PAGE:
To the Editors:

While warmly appreciating Nathaniel Rich’s generous and comprehensive assessment of my book, Politics and Literature at the Dawn of World War II [NYR, December 21, 2023], may I clarify a point about Irène Némirovksy’s Suite française? According to Rich,

the near-total absence of Jewish characters in Suite française is as much an aesthetic blunder as a moral one. The story of Némirovsky’s own efforts to secure protection from Vichy France would have neatly complemented the narratives of vanity and self-delusion that define the novel.

Rich then quotes the letter in which Némirovsky begged Marshal Pétain to distinguish her as a French woman of letters from ordinary Jewish immigrants: “undesirable and the honorable foreigners.” To enhance her appeal, she cites as a reference André Chaumeix, a director of the prestigiously conservative Revue des deux Mondes, to which she has contributed. “He could attest to my character,” she writes.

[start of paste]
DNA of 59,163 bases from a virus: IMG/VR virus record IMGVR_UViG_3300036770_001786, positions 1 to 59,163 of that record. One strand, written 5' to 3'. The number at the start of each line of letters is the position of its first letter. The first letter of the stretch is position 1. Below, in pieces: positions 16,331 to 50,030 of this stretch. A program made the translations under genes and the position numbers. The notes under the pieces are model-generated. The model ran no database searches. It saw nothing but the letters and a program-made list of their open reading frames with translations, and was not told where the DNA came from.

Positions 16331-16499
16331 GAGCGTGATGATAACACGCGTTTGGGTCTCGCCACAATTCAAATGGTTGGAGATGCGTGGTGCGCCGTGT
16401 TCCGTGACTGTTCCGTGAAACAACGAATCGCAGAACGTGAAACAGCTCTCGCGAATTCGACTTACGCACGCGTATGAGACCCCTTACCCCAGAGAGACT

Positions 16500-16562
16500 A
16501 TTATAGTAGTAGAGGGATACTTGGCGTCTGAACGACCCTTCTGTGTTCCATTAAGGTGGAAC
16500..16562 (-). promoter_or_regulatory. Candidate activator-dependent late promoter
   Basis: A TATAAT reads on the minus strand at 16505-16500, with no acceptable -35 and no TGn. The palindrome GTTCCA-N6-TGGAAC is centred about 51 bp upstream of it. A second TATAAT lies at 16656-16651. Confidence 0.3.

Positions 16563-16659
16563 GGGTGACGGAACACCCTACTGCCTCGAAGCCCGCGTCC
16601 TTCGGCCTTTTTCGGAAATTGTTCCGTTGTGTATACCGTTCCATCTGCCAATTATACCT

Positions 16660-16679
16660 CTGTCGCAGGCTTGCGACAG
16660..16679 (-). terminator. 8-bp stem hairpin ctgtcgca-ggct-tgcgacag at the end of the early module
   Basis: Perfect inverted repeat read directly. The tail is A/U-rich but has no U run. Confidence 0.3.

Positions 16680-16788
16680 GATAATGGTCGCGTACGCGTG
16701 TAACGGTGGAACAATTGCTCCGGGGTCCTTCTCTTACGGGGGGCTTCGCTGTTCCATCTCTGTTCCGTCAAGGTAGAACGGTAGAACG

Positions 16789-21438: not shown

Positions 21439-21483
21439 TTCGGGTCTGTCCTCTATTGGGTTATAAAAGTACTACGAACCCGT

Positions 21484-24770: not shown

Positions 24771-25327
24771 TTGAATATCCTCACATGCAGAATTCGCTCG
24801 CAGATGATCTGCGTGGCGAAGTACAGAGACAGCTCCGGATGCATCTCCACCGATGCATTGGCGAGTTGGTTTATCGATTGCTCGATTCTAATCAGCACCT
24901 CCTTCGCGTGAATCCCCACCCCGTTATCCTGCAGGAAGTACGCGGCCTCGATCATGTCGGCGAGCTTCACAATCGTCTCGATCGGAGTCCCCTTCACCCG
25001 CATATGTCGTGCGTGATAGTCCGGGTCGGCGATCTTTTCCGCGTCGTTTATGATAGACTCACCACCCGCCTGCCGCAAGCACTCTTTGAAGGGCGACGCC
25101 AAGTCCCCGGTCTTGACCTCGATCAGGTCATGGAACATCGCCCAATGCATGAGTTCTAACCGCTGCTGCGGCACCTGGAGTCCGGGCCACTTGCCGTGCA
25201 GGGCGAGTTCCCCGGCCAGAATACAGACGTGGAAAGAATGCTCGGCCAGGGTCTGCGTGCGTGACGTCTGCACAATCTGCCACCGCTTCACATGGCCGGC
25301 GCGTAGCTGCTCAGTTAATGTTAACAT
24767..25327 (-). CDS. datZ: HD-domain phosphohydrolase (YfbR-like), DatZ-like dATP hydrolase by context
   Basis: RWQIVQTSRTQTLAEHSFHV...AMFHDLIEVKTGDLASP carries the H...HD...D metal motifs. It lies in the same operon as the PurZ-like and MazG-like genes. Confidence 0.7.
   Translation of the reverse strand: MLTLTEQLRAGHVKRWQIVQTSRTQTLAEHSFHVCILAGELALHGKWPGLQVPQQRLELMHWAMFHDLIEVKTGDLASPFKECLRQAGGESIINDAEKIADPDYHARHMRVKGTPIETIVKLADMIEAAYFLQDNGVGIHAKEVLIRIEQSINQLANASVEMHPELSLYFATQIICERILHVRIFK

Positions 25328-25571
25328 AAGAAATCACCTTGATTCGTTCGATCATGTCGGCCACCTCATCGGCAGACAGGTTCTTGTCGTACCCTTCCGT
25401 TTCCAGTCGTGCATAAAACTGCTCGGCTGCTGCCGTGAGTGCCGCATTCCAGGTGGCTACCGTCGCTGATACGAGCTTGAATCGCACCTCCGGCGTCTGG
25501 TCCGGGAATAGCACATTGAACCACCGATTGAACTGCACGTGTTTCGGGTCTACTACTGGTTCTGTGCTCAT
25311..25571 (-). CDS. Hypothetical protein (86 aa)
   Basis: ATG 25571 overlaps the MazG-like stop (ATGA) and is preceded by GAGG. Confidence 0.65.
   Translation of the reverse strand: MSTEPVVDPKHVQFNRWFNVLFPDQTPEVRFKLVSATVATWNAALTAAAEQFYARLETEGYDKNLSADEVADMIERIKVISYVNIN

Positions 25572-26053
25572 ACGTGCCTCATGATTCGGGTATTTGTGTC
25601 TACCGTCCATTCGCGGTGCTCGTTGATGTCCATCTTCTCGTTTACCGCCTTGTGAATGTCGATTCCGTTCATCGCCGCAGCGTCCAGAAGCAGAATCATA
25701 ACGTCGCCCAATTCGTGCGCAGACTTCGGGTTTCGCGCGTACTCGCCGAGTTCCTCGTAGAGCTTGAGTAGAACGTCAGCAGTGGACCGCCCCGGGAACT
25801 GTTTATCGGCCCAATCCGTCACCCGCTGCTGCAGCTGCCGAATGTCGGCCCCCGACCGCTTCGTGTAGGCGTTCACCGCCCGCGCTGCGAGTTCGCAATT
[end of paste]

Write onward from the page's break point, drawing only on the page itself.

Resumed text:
Read in light of the novel she would go on to write, this letter bristles with unintended irony. Chaumeix was not just a director of the Revue but a strong supporter of Pétain’s collaborationism as well as a frequent visitor to his residence in Vichy’s Hôtel du Parc. But neither Pétain (as Rich notes) nor Chaumeix ever lifted a finger on Némirovsky’s behalf. On the contrary, her biographers argue that Chaumeix is the original behind the fictional character of Gabriel Corte, a writer so infatuated with his own prestige that he cares for almost nothing and no one else.

If this is true, Némirovsky’s portrayal of Corte could well be read as a covert critique of her own earlier self: of her sense of entitlement, of her assumption that literary distinction placed her not just outside the world of politics but above “the undesirable”: the sort of people that Corte despises when he sees them on the road. And let us note what happens to the only character in Suite française who entertains an antisemitic thought. Not long after Charlie Langelet tells himself “with a scornful smile” that he can safely stay in France during the Occupation because “he was neither Jewish nor a Mason, thank God,” he is fatally struck by a car.

James Heffernan
Hanover, New Hampshire